Serdar Ozkan

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Research DivisionFederal Reserve Bank of St. LouisP.O. Box 442St. Louis, MO 63166-0442
Fax: (314) 444-8731Email: Serdar.Ozkan(at)
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We use Norwegian administrative panel data on wealth and income and follow the same individuals for 23 years between 1993 and 2015 to empirically study their lifecycle wealth dynamics, focusing on the wealthiest.  On average, the wealthiest start their lives substantially richer than other households in the same cohort, own mostly private equity in their portfolios, earn higher returns, derive most of their income from dividends and capital gains, and save at higher rates.  We empirically decompose the roles of different factors behind their wealth. At age 50, the excess wealth accumulation of the top 0.1% group relative to mid-wealth households is accounted for in about equal terms by higher saving rates (34%), higher initial wealth (32%), and higher returns (27%), while higher labor income (5%) and inheritances (1%) account for the small residual. 
We also document significant heterogeneity among the wealthiest: around one-fourth of them—which we dub the “New Money”—start below median wealth but experience rapid wealth growth early in life. Relative to households who started their life rich—the “Old Money”—the New Money are characterized by even higher saving rates and returns and also by higher labor income. Their excess wealth at age 50 is mainly explained by higher saving rates (46%), followed by higher returns (34%) and higher labor income (16%).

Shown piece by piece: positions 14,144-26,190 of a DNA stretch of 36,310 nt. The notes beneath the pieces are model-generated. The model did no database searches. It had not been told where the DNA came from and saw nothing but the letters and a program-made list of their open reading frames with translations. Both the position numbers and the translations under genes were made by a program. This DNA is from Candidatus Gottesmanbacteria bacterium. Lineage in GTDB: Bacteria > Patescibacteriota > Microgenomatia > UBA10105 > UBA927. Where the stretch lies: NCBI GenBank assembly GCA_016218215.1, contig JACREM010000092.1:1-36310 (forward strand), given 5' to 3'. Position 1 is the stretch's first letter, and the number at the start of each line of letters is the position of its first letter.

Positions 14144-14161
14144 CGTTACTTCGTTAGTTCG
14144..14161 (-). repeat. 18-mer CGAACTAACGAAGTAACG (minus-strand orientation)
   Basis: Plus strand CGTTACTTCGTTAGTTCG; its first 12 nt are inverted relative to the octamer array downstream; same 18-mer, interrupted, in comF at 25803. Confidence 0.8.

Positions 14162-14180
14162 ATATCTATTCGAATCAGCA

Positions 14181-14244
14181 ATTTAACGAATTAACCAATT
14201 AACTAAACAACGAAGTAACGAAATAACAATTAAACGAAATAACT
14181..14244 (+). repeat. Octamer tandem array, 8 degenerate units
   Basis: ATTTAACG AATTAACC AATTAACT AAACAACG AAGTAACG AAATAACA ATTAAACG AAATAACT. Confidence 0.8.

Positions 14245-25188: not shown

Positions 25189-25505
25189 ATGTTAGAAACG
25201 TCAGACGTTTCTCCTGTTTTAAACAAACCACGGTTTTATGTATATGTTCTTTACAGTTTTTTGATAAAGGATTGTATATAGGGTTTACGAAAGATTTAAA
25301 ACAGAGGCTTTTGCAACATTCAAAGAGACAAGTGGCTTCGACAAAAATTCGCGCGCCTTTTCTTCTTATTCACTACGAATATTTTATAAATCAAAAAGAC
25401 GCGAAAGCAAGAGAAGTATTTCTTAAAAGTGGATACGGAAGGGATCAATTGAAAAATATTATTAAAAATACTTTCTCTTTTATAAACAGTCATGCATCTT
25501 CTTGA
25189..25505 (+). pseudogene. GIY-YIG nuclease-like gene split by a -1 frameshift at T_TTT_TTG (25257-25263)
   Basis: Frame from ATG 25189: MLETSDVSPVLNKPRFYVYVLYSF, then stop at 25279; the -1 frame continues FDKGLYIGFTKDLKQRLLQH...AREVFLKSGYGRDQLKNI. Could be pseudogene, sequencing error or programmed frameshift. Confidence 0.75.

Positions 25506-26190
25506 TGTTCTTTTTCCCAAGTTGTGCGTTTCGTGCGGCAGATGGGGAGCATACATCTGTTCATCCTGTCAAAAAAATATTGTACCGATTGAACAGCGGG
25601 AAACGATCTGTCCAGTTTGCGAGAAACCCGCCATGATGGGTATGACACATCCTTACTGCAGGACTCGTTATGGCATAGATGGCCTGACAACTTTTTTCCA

Determinants of the Top 0.1% Wealth Accumulation

We follow the 50-year-old top 0.1% wealth owners over the past 22 years and decompose their excess wealth relative to the median households into several factors on Figure (A). Figure (B) shows the same decomposition for the New Money households, who start their working lives below median wealth and manage to join the top 0.1% group by age 50. The values on y-axes are in multiples of the economy-wide average wealth (AW). 

(A)   Top 0.1% Owners

(B)   "New Money" Households